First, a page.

Hover your mouse over any tile to get a clickable Play icon that lets you start listening to music.
If iTunes stacks multiple albums when you sort by artist, genre, or composer, hover your mouse over each tile to rotate through the album covers. If you want to represent the group using a particular album cover or piece of art, then right-click it and choose Set Default Grid Artwork. You can do the opposite for art you don’t want to see: right-click it and choose Clear Default Grid Artwork.
One thing about Grid view, though: It’s pretty darn depressing unless you have artwork on just about everything in your collection. (If you don’t, and you see far too many generic musical-note icons there, Chapter 5 shows you how to art things up.) And if you hate Grid view, don’t use it—iTunes just defaults to whatever view you were using the last time you quit the program.
Search for Songs in iTunes
You can call up a list of all the songs with a specific word in the title, album name, or artist attribution just by clicking the Source pane’s Music icon (under Library) and typing a few letters into the Search box in iTunes’ upper-right corner. With each letter you type, iTunes shortens the list of songs it displays, showing you only tracks that match what you’ve typed.
For example, typing train brings up a list of everything in your music collection that has the word “train” somewhere in the song’s information—maybe the song’s title (“Mystery Train”), the band name (Wire Train), or the album name (Train A Comin’). Click the other Library icons, like Movies or Audiobooks, to comb those collections for titles that match a search term.
Another way to search for specific items is to use the iTunes browser mentioned earlier in this chapter. If you can’t see the browser pane, press Ctrl+B (⌘-B) to summon it. Depending on how you’ve configured it in View→Column Browser, the browser reveals your music collection grouped by genre, artist, or album. Hit the same keys again (Ctrl+B [⌘-B]) to close the browser.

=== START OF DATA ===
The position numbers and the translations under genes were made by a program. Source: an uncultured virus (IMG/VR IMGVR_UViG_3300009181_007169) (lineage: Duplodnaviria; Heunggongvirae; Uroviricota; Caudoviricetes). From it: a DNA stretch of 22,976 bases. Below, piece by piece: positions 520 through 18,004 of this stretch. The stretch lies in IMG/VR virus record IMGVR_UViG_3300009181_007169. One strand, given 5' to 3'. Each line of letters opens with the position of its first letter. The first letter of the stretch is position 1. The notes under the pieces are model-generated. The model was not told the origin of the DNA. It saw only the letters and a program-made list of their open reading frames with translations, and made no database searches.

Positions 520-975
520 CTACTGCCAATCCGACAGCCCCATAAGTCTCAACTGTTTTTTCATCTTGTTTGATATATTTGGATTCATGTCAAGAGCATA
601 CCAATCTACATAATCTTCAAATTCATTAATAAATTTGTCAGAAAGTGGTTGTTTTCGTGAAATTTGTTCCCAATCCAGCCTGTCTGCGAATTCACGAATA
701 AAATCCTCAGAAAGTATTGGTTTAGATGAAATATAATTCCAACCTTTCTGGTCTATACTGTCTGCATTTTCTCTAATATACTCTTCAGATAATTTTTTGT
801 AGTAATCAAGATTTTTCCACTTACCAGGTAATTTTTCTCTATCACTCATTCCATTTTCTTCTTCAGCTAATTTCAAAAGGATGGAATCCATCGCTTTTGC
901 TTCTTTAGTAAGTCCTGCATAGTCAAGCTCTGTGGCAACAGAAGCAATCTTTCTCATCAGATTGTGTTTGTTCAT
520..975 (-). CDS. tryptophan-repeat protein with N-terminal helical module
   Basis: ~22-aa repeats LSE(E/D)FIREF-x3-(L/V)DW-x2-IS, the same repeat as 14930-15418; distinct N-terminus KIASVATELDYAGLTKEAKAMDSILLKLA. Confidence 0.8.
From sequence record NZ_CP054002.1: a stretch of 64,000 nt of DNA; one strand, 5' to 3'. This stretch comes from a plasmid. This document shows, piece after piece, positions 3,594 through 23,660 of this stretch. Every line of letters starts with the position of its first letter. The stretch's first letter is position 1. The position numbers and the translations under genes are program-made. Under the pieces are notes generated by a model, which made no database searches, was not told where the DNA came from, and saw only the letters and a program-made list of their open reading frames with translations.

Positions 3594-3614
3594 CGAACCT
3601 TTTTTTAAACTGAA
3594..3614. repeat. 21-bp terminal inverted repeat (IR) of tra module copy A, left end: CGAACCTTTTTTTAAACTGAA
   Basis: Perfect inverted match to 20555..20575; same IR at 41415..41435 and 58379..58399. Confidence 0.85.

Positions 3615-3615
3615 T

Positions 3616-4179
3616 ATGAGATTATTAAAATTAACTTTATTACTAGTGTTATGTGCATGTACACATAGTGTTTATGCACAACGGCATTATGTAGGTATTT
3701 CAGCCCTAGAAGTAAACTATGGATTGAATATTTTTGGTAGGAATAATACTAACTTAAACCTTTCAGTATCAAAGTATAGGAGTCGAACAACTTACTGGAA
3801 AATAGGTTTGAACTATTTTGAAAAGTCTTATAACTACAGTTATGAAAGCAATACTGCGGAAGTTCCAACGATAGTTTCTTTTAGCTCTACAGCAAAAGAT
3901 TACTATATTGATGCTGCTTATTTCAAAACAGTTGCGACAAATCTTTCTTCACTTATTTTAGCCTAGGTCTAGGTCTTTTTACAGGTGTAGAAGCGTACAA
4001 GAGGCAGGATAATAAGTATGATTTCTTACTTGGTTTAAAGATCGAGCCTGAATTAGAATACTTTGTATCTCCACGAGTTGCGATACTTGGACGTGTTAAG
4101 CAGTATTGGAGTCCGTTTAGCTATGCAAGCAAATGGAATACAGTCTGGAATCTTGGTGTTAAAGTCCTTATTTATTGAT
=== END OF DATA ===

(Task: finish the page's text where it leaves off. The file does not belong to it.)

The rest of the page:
Shuffle Your Music in Many Ways
With its ability to randomly pluck and play songs, iTunes’ Shuffle feature has won over a huge number of fans, especially those who don’t want to think about what to listen to as they noodle around the Internet. To start shuffling, click the twisty-arrows icon down on the bottom-left corner of the iTunes window.
You’re not stuck with a single shuffling method, either. Some days you may feel like mixing up your music song by song, and other days you may be in the mood to change things up by album.
You can control just what you shuffle by choosing Controls→Shuffle and selecting Songs, Albums, or Groupings from the submenu. (As explained in the next chapter, “grouping” is a way to keep certain tracks together in your iTunes library, like separate movements in a piece of classical music that are part of a larger work.)
Animate Your Songs: iTunes Visualizer
Visualizer is the iTunes term for an onscreen laser-light show that pulses, beats, and dances in perfect sync to your music. The effect is hypnotic and wild, especially when summoned midway through a sluggish day in the office.
Choose View→Visualizer to select from iTunes Visualizer (lots of Disco in Space moments) or iTunes Classic Visualizer (trippy psychedelic patterns-a-go-go, as shown below). Mac users running OS X 10.5 or later even get three more colorful themes to choose from: Lathe, Jelly, and Stix.
To summon the scenery, choose View→Show Visualizer. The show begins immediately. To see a tiny onscreen menu of even more controls for Visualizer or Classic Visualizer, press the / key and then the letter of the desired command listed onscreen. It’s a great way to fiddle.
If you find the iTunes window too constraining for all this eye candy, you can play it full screen by going to the Preferences box (Ctrl+comma [⌘-comma]) and clicking the Advanced tab. Put a check in the box next to “Display visualizer full screen.”
True, you won’t get a lot of work done, but when it comes to stress relief, visuals are a lot cheaper than a hot tub.